The long-term goal of our laboratory is to understand, in molecular detail, how protein kinase signaling pathways together with phosphoserine/threonine-binding domains regulate multiple aspects of cell proliferation, including cell cycle progression and the cellular response to DMAdamage. In the present proposal, we explore the function of MAPKAP Kinase-2, a stress-responsive protein kinase activated by p38 MARK, as a critical regulator of S-phase and mitotic progression in response to environmental and endogenous types of DMA damage. We use a combination of extensive biochemistry and molecular cell biology to explore the signal transduction mechanisms involved in MAPKAP Kinase-2 activation after DMA damage induced by chemicals and UV-C irradiation, and examine how MAPKAP Kinase-2 functions together with other checkpoint kinases such as Chk1, to control cell cycle progression after genotoxic stress in cells in culture. We go on to develop a conditional MAPKAP Kinase-2 knock-out mouse to explore whether MAPKAP Kinase-2 functions as a tumor suppressor in genetically defined models of sarcoma and lung cancer, and in environmental carcinogen-induced models of colorectal and skin cancer. Finally, we explore whether down-regulation of MAPKAP Kinase-2 facilitates cell death after intentional chemically-induced DNA damage such as chemotherapy. These studies should clarify how signals from the p38 MAPK-MAPKAP Kinase-2 pathway, a global stress- responsive network that is activated by a wide variety of toxic insults, integrate with those from dedicated DNA damage response pathways,to regulate the cellular response to genotoxic stress. The results of the proposed experiments should reveal whether MAPKAP Kinase-2 functions as a tumor suppressor gene that modulates the risk of cancer after exposure to environmental agents, and whether specific targeting of MAPKAP Kinase-2 would be of therapeutic value for sensitizing tumors to the cytotoxic effects of conventional chemotherapy.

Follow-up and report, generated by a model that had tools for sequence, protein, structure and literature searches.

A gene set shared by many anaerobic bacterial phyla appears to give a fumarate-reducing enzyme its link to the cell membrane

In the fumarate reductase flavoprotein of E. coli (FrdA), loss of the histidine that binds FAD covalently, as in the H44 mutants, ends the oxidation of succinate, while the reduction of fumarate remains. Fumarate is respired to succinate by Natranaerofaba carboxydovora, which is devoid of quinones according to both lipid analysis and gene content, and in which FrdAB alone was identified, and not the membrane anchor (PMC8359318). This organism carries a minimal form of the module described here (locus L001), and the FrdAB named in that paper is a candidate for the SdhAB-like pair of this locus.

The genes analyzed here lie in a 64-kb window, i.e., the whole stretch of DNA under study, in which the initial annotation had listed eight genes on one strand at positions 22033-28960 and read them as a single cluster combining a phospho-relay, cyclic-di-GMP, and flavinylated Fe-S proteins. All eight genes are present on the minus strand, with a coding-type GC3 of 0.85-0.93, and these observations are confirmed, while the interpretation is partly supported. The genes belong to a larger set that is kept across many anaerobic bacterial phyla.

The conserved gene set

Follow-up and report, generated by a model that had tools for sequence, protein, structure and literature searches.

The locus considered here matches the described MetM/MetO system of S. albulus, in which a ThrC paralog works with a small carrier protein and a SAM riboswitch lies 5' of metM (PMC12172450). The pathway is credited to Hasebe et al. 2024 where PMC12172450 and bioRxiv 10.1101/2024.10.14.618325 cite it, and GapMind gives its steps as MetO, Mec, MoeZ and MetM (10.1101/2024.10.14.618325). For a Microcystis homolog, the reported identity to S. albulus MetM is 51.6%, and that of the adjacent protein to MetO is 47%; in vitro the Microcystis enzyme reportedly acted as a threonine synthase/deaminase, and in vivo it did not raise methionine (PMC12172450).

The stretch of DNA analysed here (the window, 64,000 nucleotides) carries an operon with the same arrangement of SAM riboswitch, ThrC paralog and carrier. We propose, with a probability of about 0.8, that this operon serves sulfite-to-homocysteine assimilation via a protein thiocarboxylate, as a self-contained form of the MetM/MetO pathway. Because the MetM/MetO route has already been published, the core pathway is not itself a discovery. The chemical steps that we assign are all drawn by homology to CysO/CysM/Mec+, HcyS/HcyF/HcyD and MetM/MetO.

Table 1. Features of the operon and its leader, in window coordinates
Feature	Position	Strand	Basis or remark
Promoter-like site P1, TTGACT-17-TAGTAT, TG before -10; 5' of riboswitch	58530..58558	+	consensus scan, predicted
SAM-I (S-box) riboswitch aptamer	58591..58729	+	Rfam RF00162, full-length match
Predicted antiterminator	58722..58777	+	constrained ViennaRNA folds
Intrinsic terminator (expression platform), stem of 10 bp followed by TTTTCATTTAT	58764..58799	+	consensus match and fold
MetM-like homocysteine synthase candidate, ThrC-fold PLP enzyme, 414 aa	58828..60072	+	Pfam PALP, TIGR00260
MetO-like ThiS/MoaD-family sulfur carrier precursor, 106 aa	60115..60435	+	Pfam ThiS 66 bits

National Institute of Health (NIH)
National Institute of Environmental Health Sciences (NIEHS)
Research Project (R01)
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Cellular Signaling and Dynamics Study Section (CSD)
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Balshaw, David M
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Massachusetts Institute of Technology
Internal Medicine/Medicine
Schools of Arts and Sciences
United States
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Cannell, Ian G; Merrick, Karl A; Morandell, Sandra et al. (2015) A Pleiotropic RNA-Binding Protein Controls Distinct Cell Cycle Checkpoints to Drive Resistance of p53-Defective Tumors to Chemotherapy. Cancer Cell 28:623-637
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